I recently came across a page about clams, or freshwater mussels, from the North Dakota Game and Fish Department. It reminded me of a time, a few years ago, a cabin owner at Lake Metigoshe found a clam in the sediment near his cabin and asked me to identify it. This clam, “Sam the Clam,” was becoming a local celebrity. I could not identify it, but with the help of Dr. Andre DeLorme at Valley City State University it was tentatively identified as a giant floater (Pygandon grandis).
Fifteen species of what are generally referred to as "clams" have been documented in North Dakota waters. As with other organisms, freshwater mussels have both scientific names and common names. And their common names are quite colorful, with names like fat mucket, Wabash pigtoe, creek heelsplitter, deer toe, fragile papershell, and plain pocketbook.
Freshwater mussels are filter feeders, feeding on algae, bacteria, and some pollutants which accumulate in their bodies. As such, they help cleanse the water. They are generally considered indicators of healthy ecosystems and are sensitive to changes in their environment. They are also eaten by a variety of animals including raccoons and otters.
The sexuality of freshwater clams is variable, and things get really interesting when it comes to the larval stage of these animals. Fertilized eggs are retained until they develop into larvae. The larvae, or glochidia, are then released into the water and must attach to the gill filaments or body surface of a host fish. But not just any fish. Each species has a specific host or hosts.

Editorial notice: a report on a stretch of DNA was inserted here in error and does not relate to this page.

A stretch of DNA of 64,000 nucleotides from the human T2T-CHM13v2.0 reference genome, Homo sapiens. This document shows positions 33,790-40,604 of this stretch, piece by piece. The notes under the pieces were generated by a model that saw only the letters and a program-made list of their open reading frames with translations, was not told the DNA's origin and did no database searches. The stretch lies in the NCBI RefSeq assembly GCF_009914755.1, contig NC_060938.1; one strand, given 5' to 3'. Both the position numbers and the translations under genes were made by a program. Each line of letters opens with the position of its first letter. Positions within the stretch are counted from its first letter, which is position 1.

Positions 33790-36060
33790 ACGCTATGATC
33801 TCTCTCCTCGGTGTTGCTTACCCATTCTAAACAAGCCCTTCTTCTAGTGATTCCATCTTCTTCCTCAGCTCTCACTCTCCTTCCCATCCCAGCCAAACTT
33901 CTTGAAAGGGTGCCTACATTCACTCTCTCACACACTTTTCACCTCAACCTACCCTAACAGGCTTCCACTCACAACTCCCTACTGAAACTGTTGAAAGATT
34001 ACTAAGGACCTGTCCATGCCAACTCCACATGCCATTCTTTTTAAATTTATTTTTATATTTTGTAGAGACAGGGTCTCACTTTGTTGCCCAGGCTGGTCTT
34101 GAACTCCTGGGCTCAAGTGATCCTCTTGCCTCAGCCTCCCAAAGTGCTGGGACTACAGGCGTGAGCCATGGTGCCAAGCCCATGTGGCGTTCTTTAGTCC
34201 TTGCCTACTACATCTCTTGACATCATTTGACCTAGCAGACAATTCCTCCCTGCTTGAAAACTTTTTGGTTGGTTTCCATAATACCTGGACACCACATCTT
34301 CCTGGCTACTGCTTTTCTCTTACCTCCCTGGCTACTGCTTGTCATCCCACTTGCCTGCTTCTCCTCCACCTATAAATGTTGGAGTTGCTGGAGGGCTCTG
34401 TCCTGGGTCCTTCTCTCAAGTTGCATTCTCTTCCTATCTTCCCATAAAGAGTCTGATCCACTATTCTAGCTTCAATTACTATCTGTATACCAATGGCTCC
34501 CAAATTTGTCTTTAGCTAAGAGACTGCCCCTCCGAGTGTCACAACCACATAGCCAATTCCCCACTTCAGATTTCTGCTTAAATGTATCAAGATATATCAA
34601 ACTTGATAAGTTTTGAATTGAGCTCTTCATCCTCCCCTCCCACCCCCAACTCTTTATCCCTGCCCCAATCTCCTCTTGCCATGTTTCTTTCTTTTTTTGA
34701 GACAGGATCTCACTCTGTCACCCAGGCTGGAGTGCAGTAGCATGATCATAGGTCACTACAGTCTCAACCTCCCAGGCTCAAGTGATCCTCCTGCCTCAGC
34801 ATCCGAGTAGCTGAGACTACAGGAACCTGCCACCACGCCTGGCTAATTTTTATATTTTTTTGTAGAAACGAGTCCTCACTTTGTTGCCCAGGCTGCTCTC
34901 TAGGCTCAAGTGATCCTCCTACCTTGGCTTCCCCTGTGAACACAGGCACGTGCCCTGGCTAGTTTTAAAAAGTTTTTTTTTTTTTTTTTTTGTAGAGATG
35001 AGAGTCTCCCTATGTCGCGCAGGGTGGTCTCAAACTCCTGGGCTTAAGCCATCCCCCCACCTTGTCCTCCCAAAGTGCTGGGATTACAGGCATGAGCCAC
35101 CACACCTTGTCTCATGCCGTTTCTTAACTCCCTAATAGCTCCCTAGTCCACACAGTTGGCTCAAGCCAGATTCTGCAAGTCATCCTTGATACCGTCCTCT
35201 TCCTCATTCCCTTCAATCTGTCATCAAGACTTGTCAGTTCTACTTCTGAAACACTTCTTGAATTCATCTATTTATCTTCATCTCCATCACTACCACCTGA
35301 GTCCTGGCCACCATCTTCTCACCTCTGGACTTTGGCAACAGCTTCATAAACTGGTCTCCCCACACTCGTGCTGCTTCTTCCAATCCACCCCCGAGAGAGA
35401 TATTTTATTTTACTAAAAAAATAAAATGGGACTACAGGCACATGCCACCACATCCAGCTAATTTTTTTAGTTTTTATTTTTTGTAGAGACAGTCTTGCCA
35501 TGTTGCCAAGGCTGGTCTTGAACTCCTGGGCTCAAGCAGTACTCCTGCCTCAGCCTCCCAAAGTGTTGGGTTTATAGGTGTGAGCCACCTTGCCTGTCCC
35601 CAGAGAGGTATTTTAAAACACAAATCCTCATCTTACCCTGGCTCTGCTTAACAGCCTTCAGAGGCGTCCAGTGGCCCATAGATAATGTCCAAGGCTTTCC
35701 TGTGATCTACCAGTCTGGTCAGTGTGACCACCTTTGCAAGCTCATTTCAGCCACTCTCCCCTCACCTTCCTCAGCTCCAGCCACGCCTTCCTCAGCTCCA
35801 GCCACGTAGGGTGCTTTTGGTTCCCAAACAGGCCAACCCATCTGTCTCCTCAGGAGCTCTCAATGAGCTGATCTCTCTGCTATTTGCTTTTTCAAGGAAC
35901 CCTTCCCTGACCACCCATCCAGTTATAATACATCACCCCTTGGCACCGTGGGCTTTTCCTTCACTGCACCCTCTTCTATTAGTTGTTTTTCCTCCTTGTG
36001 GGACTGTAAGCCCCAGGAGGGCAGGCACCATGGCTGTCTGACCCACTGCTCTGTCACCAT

After a few days or perhaps weeks the larvae become juvenile, release from the host, find a place in the substrate, and develop into adults. The known hosts for the giant floater, for example, include shiners and darters, creek chubs, and brook stickleback. The pink heelsplittter’s host is the freshwater drum. The threeridge’s host includes the shortnose gar and channel and flathead catfish.
Freshwater mussels are an important component of aquatic ecosystems. And rough fish can be important for mussels and other aspects of aquatic ecosystems even though they are often perceived as undesirable.
- A Two Phase Population Survey of Mussels in North Dakota Rivers (Dr. Andre DeLorme, Valley City State University)
- About Freshwater Mussels (Xerces Society for Invertebrate Conservation)
- Aquatic Mollusks of North Dakota (North Dakota Geological Survey)